Comprehensive, Bipartisan Non-Compete Legislation Introduced in the Illinois General Assembly

Comprehensive, Bipartisan Non-Compete Legislation Introduced in the Illinois General Assembly

Representative Kelly Burke recently introduced Illinois House Bill 789, a bipartisan bill aimed at reforming non-compete and non-solicitation litigation in Illinois. The Senate version of the bill, S.B. 3430, was introduced last year by Senator Heather A. Steans and co-sponsored by Senator Jason A. Barickman.

If passed, this legislation would improve employee mobility (especially critical right now due to COVID-19), deter unnecessary lawsuits, continue to protect businesses’ legitimate interests, and bring significant clarity to this area of law in Illinois. This legislation is supported by the Illinois Chamber of Commerce, reflecting the interests of the business community, and the Illinois chapter of the National Employment Lawyers Association, a legal organization advocating for employees’ rights. This is legislation that I helped co-draft with attorneys on both sides of the aisle, and believe provides common-sense solutions for Illinois’s employees and businesses.

Employees are routinely required by employers to sign non-compete and non-solicitation agreements, which are types of business contracts, either at the start of their new jobs or sometimes during current employment. Non-compete agreements restrain employees from working for a competing business, whereas non-solicitation agreements prevent employees from contacting certain customers or co-workers after a job ends.

It is estimated that about 14% of American workers who make less than $40,000 annually are currently subject to a non-compete. Even though these workers rarely have access to confidential or critical business information, they are still deterred or blocked from accepting certain new jobs. For example, Jimmy John’s used to make its sandwich-makers sign non-compete agreements that prevented them from working for rival employers, such as a Subway or Potbelly’s. These restraints harm both businesses and employees by limiting employment options for all parties and hurting employee mobility.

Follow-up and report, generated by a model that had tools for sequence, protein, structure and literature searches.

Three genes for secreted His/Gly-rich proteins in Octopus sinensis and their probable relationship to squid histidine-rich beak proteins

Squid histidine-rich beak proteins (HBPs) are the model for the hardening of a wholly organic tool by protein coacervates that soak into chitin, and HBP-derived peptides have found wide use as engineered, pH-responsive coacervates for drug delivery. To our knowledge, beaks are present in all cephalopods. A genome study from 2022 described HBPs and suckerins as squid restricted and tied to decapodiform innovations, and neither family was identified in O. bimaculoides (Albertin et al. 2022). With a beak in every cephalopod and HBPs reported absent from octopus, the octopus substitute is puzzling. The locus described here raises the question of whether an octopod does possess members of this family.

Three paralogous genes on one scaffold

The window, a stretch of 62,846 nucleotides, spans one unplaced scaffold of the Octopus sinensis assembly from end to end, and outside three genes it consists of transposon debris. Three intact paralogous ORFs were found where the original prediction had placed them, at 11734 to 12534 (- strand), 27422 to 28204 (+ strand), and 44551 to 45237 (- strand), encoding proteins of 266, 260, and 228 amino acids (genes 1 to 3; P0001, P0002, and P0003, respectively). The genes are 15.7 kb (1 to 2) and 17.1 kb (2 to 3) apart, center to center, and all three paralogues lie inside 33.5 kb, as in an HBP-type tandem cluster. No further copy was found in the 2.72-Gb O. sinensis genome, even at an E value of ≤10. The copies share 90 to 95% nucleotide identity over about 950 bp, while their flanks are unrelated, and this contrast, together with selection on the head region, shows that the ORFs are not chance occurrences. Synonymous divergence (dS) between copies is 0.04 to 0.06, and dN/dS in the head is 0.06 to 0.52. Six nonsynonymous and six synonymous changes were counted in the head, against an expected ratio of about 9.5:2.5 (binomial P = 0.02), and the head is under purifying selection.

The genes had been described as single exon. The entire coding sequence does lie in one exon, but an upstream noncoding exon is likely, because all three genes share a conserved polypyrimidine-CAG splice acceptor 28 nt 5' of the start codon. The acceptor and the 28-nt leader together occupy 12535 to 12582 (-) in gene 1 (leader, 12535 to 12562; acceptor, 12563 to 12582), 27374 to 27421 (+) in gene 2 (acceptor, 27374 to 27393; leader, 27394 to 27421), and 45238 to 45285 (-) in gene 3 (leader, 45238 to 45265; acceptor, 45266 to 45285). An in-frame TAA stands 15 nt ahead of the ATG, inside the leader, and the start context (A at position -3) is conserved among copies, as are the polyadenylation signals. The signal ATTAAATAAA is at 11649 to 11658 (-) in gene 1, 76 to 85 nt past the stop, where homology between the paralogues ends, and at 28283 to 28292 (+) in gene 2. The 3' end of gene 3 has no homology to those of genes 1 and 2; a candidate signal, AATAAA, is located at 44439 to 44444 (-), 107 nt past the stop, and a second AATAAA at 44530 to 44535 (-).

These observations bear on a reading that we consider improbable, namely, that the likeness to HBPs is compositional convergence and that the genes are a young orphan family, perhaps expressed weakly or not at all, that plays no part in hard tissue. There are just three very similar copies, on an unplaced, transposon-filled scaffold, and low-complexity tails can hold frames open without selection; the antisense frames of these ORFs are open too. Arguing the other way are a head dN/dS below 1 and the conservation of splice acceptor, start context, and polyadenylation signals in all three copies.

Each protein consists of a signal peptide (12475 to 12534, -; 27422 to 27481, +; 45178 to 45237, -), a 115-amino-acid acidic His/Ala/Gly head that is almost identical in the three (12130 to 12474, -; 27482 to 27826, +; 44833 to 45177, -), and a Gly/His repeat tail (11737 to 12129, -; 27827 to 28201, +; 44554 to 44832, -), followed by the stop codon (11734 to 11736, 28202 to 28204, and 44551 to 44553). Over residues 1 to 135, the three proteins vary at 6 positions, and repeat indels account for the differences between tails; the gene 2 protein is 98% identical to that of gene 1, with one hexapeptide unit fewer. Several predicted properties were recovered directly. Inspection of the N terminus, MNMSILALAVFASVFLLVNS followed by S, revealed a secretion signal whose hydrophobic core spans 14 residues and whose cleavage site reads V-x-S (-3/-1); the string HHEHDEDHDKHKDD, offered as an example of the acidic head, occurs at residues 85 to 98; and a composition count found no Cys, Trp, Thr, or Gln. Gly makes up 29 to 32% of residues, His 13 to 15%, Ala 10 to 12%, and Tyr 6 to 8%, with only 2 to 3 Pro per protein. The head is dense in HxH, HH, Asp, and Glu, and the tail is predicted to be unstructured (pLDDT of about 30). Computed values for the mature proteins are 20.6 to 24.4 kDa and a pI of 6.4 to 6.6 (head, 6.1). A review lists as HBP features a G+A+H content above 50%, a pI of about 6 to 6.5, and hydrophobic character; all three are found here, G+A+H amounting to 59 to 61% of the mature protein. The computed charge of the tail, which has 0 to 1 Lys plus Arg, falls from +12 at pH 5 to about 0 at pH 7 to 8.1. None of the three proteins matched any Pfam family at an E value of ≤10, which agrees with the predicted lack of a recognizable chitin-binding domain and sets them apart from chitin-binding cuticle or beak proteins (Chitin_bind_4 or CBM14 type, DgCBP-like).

For most employers and employees – low-wage or otherwise – non-compete disputes are often expensive. The cases are expedited, often lead to appeals, and can quickly cost parties five to six figures in legal fees. These lawsuits can be prohibitively expensive for a new employer who can be sued for hiring an employee subject to a non-compete agreement. At a minimum, being embroiled in expeditated litigation is an unnecessary distraction for employees attempting to start a new job.

Moreover, there has been legal confusion in Illinois over the past seven years regarding the state of non-compete law, making it difficult for employers to hire employees, giving rise to forum-shopping as state and federal courts have interpreted non-compete laws differently.

The recently proposed legislation seeks to amend the Illinois Freedom to Work Act and provide common-sense solutions for Illinois businesses, employees, and courts, while also clarifying the law. These are some of the bills’ key provisions:

  • Companies can continue to enforce non-compete and non-solicit agreements when there is a legitimate business interest a company needs to protect.
  • Non-compete agreements are prohibited for all employees making less than $75,000 per year (which increases to $90,000 by 2037). This is one of the most progressive thresholds in the U.S. and will increase employee mobility.
  • Non-solicit agreements are prohibited for all employees who make less than $45,000 per year (which increases to $52,500 by 2037).
  • Employees impacted by COVID-19 are protected: non-compete agreements will not be enforceable against employees who lost their jobs due to COVID-19 or a similar pandemic, unless the former employer continues to pay their base salary.
  • The amount of consideration necessary to enforce a non-compete or a non-solicitation agreement is explicitly codified, resolving a dispute between the state and federal courts in Illinois. Courts can only enforce a non-compete or a non-solicit agreement if an employee has worked for an employer for at least 2 years or has received some other benefit for the restriction.
  • To deter lawsuits, if an employee wins a lawsuit an employer filed, the employee will be entitled to recover attorneys’ fees. This is similar to a provision in Utah.
  • Finally, employers will be required to provide employees with 14 days to consider and review any non-compete or non-solicit agreement. This will help employees understand their obligations and promises.

We will continue to monitor the status of this bipartisan legislation. Please contact us regarding any questions related to this comprehensive reform.

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